Proton radiation therapy is one of the most precise forms of non-invasive image-guided cancer therapy. It is based on the well defined range of protons in material, with low entrance dose, a dose maximum ("Bragg peak") and a rapid distal dose fall-off, providing better sparing of healthy tissue and allowing higher tumor doses than conventional radiation therapy with photons.
It is possible to generate volumetric representations of a patient using measurements at a variety of angles. X-rays are currently in common use for generating images of internal organs for treatment of a variety of conditions.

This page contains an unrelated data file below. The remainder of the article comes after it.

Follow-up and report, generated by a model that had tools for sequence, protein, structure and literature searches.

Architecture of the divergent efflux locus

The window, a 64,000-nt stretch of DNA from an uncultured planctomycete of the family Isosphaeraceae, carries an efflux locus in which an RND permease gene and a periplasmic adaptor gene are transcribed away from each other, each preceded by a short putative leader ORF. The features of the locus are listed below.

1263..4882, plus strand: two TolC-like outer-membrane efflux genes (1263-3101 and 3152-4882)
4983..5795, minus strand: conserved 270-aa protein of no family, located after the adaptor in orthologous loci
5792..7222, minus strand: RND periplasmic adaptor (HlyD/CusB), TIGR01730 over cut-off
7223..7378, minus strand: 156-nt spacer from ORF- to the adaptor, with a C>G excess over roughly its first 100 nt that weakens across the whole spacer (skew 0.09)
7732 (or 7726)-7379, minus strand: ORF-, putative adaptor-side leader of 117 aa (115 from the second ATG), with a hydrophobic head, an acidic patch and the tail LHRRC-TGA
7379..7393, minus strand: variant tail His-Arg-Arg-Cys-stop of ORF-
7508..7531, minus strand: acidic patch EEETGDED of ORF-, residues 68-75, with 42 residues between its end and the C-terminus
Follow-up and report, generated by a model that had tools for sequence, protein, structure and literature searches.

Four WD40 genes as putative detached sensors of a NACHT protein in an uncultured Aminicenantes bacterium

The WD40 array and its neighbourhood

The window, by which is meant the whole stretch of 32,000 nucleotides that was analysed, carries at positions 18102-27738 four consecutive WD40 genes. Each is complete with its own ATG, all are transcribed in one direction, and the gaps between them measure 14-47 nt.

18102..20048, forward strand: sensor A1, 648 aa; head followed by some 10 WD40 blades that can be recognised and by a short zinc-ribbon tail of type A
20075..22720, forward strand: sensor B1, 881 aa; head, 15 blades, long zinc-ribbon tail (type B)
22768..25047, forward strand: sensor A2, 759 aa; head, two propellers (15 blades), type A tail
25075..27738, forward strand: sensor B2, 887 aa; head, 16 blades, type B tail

At present, the potentials of proton therapy cannot be fully exploited because the conversion of Hounsfield values, measured with x-ray computed tomography (CT), to relative electron density values is not always accurate. The resulting uncertainties can lead to range errors from several millimeters up to more than 1 cm depending on the anatomical region treated. Additional uncertainties exist with respect to the target position relative to normal tissues in the treatment room that could be minimized by using proton CT for guiding the therapy.